The first keep-to-the-right law was passed in Pennsylvania in 1792, with many Canadian and US states following suit later. Photo: History Magazine
by Ellen Castelow
reproduced with permission of Historic UK, the History Magazine
Have you ever wondered why the British drive on the left?
There is an historical reason for this; it’s all to do with keeping your sword hand free!
In the Middle Ages you never knew who you were going to meet when travelling on horseback. Most people are right-handed, so if a stranger passed by on the right of you, your right hand would be free to use your sword if required. (Similarly, medieval castle staircases spiral in a clockwise direction going upwards, so the defending soldiers would be able to stab down around the twist but those attacking (going up the stairs) would not.)
Indeed the ‘keep to the left’ rule goes back even further in time; archaeologists have discovered evidence suggesting that the Romans drove carts and wagons on the left, and it is known that Roman soldiers always marched on the left.
This ‘rule of the road’ was officially sanctioned in 1300 AD when Pope Boniface VIII declared that all pilgrims travelling to Rome should keep to the left.
This continued until the late 1700s when large wagons became popular for transporting goods. These wagons were drawn by several pairs of horses and had no driver’s seat. Instead, in order to control the horses, the driver sat on the horse at the back left, thus keeping his whip hand free. Sitting on the left however made it difficult to judge the traffic coming the other way, as anyone who has driven a left-hand drive car along the winding lanes of Britain will agree!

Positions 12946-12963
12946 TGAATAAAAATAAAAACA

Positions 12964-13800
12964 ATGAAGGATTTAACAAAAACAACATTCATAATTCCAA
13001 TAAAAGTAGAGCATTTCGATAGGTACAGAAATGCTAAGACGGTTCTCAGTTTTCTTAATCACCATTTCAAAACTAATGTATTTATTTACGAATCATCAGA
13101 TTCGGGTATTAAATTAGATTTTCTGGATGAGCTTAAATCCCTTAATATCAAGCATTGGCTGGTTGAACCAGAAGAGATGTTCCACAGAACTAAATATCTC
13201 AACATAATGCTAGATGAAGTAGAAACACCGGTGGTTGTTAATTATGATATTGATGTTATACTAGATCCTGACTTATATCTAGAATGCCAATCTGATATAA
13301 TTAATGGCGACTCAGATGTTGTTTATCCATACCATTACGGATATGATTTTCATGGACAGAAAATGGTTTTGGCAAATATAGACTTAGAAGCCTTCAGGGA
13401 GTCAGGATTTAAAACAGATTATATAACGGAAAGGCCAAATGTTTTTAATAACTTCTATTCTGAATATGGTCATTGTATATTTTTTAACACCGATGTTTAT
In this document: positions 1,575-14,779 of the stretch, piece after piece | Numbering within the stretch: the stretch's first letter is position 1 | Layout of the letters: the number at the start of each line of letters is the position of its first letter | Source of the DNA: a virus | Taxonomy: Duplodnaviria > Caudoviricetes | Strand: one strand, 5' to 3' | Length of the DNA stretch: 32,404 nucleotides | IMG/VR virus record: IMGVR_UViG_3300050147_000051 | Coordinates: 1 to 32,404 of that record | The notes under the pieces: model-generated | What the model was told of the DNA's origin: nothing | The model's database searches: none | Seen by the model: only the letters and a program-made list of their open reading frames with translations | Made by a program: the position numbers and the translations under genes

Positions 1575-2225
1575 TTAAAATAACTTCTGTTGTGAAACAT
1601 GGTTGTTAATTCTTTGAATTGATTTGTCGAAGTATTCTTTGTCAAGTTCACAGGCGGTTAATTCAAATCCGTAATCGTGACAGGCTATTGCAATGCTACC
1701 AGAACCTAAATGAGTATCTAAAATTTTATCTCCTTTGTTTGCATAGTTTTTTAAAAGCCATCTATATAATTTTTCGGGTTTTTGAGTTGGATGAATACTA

These huge wagons were best suited to the wide open spaces and large distances of Canada and the US, and the first keep-to-the-right law was passed in Pennsylvania in 1792, with many Canadian and US states following suit later.
In France a decree of 1792 ordered traffic to keep to the “common” right and Napoleon later enforced the rule in all French territories.
In Britain there wasn’t much call for these massive wagons and the smaller British vehicles had seats for the driver to sit on behind the horses. As most people are right-handed, the driver would sit to the right of the seat so his whip hand was free.
Traffic congestion in 18th century London led to a law being passed to make all traffic on London Bridge keep to the left in order to reduce collisions. This rule was incorporated into the Highway Act of 1835 and was adopted throughout the British Empire.
There was a movement in the 20th century towards the harmonisation of road laws in Europe and a gradual shift began from driving on the left to the right. The last Europeans to change from left to right were the Swedes who bravely made the change overnight on Dagen H (H Day), September 3rd 1967. At 4.50am all traffic in Sweden stopped for ten minutes before restarting, this time driving on the right.
Today, only 35% of countries drive on the left. These include India, Indonesia, Ireland, Malta, Cyprus, Japan, New Zealand, Australia and most recently, Samoa in 2009. Most of these countries are islands but where land borders require a change from left to right, this is usually accomplished using traffic lights, cross-over bridges, one-way systems or similar.